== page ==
Saint Euphrosyne (c. 1105-1167) was the granddaughter of the famous prince of Polack, Usiaslau (Vseslav) whose long reign (1044-1101) and many exploits – in particular his determined struggle against Kiev – made such an impression on his contemporaries that they refused to believe him to be an ordinary mortal
The idea that a massive trade in Slavic slaves underpinned the economic growth of Europe in the 9th and 10th centuries is not new. It is, however, most often only implicit; and at any rate, it is very rarely discussed.
A look at the history behind Epiphany and Twelfth Night.
A look at New Year’s in the Middle Ages.
Emperor Charles IV reveals in his autobiography what happened to him one night at Prague Castle, and how he saw a huge swarm of locusts.
Prostitution was a vice that was was considered a necessary evil because of “men’s lust”. Ecclesiastics felt that if brothels weren’t available to men in cities, they would find other inappropriate outlets for their entertainment. In an effort to curb potential problems, civic officials permitted prostitution to function within the city walls so long as it was regulated and turned a profit.
Just like their modern day counterparts, medieval cities had to deal with their own criminal underworlds – the sex trade, gambling, and violence taking place within their walls. At the International Medieval Congress, held earlier this month at the University of Leeds, these issues were explored as part of session #706: Perceiving and Regulating Vices.
Three fantastic papers on Prosopography from #KZOO2015.
Lasting Falls and Wishful Recoveries: Crusading in the Black Sea Region after the Fall of Constantinople
This paper examines the Black Sea question in the second half of the 15th century, with special emphasis on crusading and religious questions.
The idea that Great Moravia was the earliest state of Central European Slavs, which was a direct predecessor of the statehood of the Czech Přemyslids, the Polish Piasts and the Hungarian Arpáds family, remains very much alive in the Central European region.
A multi proxy approach was applied in the reconstruction of the architecture of Medieval horse stable architecture, the maintenance practices associated with that structure as well as horse alimentation at the beginning of 13th century in Central Europe.
One of the most infamous chararacters from the Middle Ages was Vlad III Dracula, the prince of Wallachia. Here is the story of how he gained the name of ‘the Impaler’.
Latin Grammar in the Cathedral School: Fulbert of Chartres, Bonipert of Pécs, and the Way of a Lost Priscian Manuscript
The starting point of the classical tradition in medieval Hungary is marked by a letter written by Bishop Fulbert of Chartres in Northern France to Bishop Bonipert of Pécs in Southern Hungary.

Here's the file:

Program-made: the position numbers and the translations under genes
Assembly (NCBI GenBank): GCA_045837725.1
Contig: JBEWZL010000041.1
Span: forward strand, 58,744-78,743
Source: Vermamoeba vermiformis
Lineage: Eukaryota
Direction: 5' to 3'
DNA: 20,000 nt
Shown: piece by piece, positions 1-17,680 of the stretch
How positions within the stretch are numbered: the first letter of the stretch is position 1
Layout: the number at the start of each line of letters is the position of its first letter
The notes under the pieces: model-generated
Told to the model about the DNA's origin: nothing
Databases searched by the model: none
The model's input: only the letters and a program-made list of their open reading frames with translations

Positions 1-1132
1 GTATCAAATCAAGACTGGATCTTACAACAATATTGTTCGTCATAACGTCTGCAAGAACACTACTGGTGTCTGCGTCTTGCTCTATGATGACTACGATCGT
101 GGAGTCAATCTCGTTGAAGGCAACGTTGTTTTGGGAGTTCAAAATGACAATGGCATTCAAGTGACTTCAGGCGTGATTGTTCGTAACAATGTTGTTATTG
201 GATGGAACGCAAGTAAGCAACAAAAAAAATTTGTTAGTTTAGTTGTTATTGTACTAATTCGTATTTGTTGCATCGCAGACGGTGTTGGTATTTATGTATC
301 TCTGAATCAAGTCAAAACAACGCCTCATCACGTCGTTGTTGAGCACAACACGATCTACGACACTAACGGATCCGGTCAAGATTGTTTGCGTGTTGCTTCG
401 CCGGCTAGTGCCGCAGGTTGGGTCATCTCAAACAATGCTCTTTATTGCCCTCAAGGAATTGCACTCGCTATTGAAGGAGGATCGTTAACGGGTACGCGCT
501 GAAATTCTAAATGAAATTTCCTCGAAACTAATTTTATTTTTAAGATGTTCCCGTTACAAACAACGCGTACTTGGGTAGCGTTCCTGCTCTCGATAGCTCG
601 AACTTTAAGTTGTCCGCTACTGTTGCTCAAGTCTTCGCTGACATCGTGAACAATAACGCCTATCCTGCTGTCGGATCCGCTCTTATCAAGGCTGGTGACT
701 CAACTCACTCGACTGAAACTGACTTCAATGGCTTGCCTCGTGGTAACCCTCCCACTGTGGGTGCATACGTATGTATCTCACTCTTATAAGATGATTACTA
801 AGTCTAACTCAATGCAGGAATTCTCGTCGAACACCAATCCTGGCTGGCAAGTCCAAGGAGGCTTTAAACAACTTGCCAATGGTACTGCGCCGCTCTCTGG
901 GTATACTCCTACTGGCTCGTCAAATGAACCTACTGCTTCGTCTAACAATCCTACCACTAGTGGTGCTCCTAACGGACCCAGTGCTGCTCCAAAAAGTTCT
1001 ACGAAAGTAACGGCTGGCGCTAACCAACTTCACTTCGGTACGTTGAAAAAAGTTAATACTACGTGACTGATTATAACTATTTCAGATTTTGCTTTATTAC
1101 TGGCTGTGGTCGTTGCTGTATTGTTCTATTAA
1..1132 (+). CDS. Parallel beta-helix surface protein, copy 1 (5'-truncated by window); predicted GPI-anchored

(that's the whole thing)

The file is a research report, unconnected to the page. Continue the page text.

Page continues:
Nourishment for the Soul – Nourishment for the Body: Animal Remains in Early Medieval Pomeranian Cemeteries
Late medieval sources clearly refer to souls, which in traditional folk beliefs were periodically returning to feed and warm themselves by the fires made by the living. This kind of conception can be merged with Slavic eschatology. There is multiple evidence to confirm that belief some form of spirit or soul was spreading amongst the people, who in the early medieval period, bordered directly with Pomerania.
During the rule of the Angevin dynasty (1308-82) in Hungary, towns and cities increasingly assumed greater political influence. The first treaty between the King of Hungary and Dubrovnik (in those days Ragusa) was signed in 1358, during the reign of Louis (Lajos) the Great.
In the pastoral of the Franciscan and Dominican orders preaching became the principal task of their mission. Preaching manuals represented the basis of the new art. The preachers also used sermon collections, Bible concordances and exempla collections.
The History behind the Charles Bridge Built during the reigns of Charles IV (1346-1378) and his son, Wenceslas IV (1363-1419), the Charles Bridge crosses the river Vltava in Prague, joining the Old Town on its eastern side, the commercial hub of the city, and the Hradčany and Malá Strana on the west, where the castle and cathedral are located
The office of guardianship was clearly needed in the society of sixteenth-century Lithuania. The comparatively short average life expectancy meant that quite a great number of children lost one or both of their parents before reaching majority, and thus had to receive some sort of protection.
Artillery appears in Central Europe at the end of the 14th c. and it starts playing a more significant role only in the next century.
Hungary’s Conversion to Christianity: The Establishment of Hungarian Statehood and its Consequences to the Thirteenth Century
The Carpathian Basin occupies a peculiar place in history. It was the ground where Roman-Germanic world met that of the Slavs and mounted nomad peoples, where no group had achieved sustained unity before the state of Hungary was founded.
Slaves, Money Lenders, and Prisoner Guards: The Jews and the Trade in Slaves and Captives in the Crimean Khanate
Trade in slaves and captives was one of the most important (if not the most important) sources of income of the Crimean Khanate in the sixteenth to eighteenth centuries.
The cultural identity of architecture and visual arts of the Middle Ages in Silesia can be analyzed in the following frameworks: 1.) the distinct formal features of local artwork; 2.) the specific content expressed through it. Macro factors (the type of materials and their availability) are important in architecture, as are architectural patterns and styles.